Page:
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Discussion in 'Hardware, Setup & Repair [BG]' started by Scott Lynch, Oct 29, 2005.
I see badass bridges on a lot of fender jazzes but what about on a P-bass? Is it worth it?
I've had one on my 74 P for 11 years and I like it fine, I didn't hear "that big" of a difference other then a little more punch but my old bridge was falling apart so...........
I think replacing a working bridge on any bass is a waste of money. I find Badass bridges overrated myself. I think there's much better aftermarket bridges on the market that don't requiring filing a slot to work (Gotoh and Schaller come to mind). As long as a bridge doesn't break strings and holds the strings in place, it's a good bridge.
Much like Aaron, I replaced my bridge because a saddle screw had fallen out. I didn't notice much of any difference. At least the theory of more surface area contacting the body makes sense...
Filing the slot is a non-trivial task when it's done correctly. I use the BA II o all my Fenders and I'm a big fan. My luthier shapes the bridge pieces though...
I've used Badasses on my P-basses with good results. Not as noticable as on a Jazz bass, but I'm used to the feel.
I can set my intonation properly with it, and it also solves the slight neck dive I had.
IMO the stock Fender vintage style bridge is the best bridge for a Fender.
I've tried the Badass on my P and I DO notice the difference.
Anyway, the Badass is great if you don't want make oter holes in the body, but the best bridge IMHO is the Schaller 3d.
Simple, full adjustable, great.
But you have to screw other two holes.
I really like Badass bridges. They're solid, well put together and once they're set up, they stay the way you put them. No saddle movement. Cutting the slots isn't difficult but I'd recommend getting a good tech to do it if you're unsure about what you're doing.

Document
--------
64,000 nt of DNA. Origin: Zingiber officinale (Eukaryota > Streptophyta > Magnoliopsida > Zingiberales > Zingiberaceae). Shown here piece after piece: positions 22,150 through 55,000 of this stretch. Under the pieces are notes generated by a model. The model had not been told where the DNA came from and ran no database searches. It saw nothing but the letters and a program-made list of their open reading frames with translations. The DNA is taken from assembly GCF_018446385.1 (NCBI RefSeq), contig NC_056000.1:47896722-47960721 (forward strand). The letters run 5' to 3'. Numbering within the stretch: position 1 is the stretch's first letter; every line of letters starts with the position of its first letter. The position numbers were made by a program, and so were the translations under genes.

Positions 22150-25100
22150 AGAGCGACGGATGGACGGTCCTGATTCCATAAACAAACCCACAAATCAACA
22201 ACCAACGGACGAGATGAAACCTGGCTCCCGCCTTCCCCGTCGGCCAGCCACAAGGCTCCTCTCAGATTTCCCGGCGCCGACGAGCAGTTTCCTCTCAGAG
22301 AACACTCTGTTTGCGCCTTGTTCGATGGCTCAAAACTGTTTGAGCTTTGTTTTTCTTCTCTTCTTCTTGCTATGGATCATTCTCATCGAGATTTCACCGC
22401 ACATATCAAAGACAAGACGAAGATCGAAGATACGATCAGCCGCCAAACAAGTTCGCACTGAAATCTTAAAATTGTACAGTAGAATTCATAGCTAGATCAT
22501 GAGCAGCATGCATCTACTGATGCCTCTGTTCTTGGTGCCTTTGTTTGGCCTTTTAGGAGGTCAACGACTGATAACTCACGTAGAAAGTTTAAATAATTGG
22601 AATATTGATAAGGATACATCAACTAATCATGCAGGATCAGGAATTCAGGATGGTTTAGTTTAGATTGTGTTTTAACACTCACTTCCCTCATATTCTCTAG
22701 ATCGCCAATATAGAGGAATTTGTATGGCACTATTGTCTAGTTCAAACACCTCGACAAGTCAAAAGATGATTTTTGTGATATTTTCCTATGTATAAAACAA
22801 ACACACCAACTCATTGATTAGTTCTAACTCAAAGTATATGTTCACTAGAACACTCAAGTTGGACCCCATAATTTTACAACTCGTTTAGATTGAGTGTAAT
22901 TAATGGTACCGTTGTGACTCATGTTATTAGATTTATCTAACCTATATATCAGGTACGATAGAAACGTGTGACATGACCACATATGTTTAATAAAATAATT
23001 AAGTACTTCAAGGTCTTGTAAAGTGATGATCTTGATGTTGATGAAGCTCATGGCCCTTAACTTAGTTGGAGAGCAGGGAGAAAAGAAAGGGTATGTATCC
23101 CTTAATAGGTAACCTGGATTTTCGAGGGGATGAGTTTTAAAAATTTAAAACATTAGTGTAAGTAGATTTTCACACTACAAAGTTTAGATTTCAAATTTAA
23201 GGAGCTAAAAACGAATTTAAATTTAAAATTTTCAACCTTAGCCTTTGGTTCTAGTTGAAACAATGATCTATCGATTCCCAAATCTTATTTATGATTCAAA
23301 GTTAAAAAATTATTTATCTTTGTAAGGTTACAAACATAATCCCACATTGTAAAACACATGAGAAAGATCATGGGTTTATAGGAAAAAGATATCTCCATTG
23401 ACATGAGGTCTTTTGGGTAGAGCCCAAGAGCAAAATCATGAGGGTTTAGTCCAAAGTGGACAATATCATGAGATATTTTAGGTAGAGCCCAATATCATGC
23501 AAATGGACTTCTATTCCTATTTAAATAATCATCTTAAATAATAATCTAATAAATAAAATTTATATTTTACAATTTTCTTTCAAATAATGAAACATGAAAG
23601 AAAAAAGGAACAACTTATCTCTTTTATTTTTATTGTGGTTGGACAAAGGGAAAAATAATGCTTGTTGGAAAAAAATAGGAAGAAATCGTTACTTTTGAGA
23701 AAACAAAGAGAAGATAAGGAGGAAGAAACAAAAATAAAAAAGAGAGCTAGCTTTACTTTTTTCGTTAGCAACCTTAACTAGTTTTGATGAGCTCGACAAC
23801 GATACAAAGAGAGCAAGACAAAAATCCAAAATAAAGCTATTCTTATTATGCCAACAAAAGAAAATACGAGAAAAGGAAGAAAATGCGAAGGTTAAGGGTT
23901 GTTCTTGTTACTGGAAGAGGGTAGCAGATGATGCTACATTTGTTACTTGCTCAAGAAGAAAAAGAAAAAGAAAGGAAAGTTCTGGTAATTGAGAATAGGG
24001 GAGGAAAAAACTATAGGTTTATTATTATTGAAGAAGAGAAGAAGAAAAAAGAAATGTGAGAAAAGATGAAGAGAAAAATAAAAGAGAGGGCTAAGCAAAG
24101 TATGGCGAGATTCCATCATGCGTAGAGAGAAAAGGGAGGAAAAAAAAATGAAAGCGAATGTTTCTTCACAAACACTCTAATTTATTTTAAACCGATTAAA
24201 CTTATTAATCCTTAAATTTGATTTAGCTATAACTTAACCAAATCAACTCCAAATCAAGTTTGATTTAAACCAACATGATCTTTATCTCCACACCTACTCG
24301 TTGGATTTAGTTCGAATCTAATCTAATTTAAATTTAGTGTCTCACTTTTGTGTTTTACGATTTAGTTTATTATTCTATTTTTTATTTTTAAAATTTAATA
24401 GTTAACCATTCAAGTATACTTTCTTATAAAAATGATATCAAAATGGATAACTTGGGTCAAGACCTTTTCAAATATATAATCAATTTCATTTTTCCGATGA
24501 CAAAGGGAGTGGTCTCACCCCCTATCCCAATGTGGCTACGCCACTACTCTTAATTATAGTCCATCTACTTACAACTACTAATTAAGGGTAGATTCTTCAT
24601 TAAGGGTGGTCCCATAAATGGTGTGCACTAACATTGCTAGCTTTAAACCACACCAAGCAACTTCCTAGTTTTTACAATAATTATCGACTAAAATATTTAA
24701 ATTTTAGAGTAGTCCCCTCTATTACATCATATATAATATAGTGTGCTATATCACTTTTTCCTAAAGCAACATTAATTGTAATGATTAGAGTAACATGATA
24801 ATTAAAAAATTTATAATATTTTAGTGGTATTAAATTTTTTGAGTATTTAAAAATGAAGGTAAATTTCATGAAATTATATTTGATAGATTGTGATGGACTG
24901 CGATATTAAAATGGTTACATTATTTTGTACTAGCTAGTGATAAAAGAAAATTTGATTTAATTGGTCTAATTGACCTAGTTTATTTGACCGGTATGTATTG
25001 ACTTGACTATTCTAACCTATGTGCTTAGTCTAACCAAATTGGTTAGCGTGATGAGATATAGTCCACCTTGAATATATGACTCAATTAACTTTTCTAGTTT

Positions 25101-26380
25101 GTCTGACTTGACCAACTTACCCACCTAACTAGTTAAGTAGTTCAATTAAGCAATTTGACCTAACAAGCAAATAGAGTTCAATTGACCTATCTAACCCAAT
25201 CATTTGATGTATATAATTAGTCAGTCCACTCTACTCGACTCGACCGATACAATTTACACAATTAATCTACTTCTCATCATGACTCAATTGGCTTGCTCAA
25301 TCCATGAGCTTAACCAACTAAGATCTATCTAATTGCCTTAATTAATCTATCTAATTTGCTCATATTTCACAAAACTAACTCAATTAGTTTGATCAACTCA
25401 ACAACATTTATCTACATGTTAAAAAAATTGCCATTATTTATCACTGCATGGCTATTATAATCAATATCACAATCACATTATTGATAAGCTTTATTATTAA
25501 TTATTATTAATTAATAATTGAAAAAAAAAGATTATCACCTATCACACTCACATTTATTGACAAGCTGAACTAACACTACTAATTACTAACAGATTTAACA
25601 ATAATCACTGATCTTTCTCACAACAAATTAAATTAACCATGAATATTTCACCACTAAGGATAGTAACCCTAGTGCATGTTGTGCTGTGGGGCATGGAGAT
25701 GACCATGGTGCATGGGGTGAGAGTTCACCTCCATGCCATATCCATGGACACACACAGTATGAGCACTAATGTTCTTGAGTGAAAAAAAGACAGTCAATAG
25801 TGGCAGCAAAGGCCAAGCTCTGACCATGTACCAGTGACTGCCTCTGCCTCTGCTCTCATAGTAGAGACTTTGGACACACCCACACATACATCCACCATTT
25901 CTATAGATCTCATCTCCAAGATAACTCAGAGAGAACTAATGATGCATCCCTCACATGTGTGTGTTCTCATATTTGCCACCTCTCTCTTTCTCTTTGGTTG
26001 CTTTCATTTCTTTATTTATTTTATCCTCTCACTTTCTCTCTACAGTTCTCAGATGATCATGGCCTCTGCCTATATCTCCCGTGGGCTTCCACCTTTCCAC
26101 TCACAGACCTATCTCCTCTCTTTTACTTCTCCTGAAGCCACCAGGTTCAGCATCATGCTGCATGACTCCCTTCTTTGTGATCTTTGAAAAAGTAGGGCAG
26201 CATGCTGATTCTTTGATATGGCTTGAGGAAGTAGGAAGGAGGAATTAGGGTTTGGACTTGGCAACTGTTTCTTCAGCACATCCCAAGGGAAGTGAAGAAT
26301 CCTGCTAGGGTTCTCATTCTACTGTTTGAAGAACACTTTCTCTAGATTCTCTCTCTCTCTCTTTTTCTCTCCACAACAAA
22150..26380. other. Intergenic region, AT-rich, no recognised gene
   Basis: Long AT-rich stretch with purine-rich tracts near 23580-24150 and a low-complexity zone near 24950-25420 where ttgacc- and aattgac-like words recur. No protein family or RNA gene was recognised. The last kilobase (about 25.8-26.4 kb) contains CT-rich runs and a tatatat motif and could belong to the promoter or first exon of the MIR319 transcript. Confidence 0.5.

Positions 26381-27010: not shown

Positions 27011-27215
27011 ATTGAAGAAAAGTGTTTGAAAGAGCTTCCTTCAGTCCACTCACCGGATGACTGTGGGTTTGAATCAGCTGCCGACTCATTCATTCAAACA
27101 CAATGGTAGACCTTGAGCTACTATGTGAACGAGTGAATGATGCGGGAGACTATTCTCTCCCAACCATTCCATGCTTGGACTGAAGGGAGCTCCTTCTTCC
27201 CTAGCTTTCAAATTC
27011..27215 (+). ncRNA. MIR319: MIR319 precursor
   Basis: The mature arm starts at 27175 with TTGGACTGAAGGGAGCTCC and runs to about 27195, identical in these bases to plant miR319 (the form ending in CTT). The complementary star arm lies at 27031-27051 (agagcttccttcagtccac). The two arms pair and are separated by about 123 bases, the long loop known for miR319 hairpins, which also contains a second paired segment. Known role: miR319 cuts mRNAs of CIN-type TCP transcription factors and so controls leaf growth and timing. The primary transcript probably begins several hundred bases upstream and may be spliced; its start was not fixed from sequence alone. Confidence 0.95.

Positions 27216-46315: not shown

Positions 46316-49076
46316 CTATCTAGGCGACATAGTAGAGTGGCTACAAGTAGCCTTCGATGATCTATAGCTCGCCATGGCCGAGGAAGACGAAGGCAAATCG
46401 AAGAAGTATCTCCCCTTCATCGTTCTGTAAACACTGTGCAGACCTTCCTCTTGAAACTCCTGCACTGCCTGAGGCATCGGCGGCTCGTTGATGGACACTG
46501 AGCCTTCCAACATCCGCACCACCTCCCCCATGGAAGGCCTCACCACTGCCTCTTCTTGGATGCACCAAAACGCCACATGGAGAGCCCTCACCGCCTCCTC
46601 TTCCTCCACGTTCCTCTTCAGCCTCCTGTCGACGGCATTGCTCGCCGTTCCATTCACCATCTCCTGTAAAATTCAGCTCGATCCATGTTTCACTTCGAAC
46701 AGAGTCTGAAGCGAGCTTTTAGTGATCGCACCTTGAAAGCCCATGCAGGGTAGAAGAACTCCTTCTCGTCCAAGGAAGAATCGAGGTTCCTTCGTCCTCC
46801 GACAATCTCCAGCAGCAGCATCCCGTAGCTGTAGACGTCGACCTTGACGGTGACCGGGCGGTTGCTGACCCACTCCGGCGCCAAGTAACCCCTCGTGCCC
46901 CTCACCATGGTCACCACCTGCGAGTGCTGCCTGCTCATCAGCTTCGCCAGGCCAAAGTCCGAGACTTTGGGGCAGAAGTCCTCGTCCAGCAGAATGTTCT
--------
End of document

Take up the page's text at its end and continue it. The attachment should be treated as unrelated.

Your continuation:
The standard MIM bridges aren't that great, because they seem to strip out easily.
This bridge fits right on, and will not strip out. While it may not look like much off of the bass, once it's on, and the strings are up to tension, it works very well. Inexpensive too.
Just fro grins, I tried a Gotoh 201C on my Pbass deluxe, which came with the vintage style bridge. I ended up putting the stock bridge right back on. The Gotoh made no difference.
I changed them on my MIM jazzes because;
1 stripped out
1 corroded pretty bad.
I would say that if someone had to change a standard MIM bridge, the vintage style Fender is a good way to go
To each his own, of course, but I much prefer the BAII to the original Fender bridge. I've had a borrowed MIM Jazz as a second for a couple of years now, and find the saddle pieces skid around marginally, so string alignment/spacing isn't absolutely consistent. Also, the height adjustment screws seem to work loose and must be reset every so often. I do play pretty hard, and the same problems used to be apparent with the original bridge on my main P-type bass. Not so with the BAII that's been on there for many years. It stays the way you set it forever. Soundwise, it definitely adds a modicum of sustain (which you may or may not want).
Btw, Leo Quan now makes a pre-notched version, and I hear a Japanese company called KTS has a titanium Badass in the works, which should be lighter than the zinc-alloy original.
...and eggs sounds like the makings for a badass breakfast!
I have my bridge upgradded to a BadAss II Bridge. Big difference to me! Looks, feel, sustain, everything about the BAII is much better than the original cheapy bridge.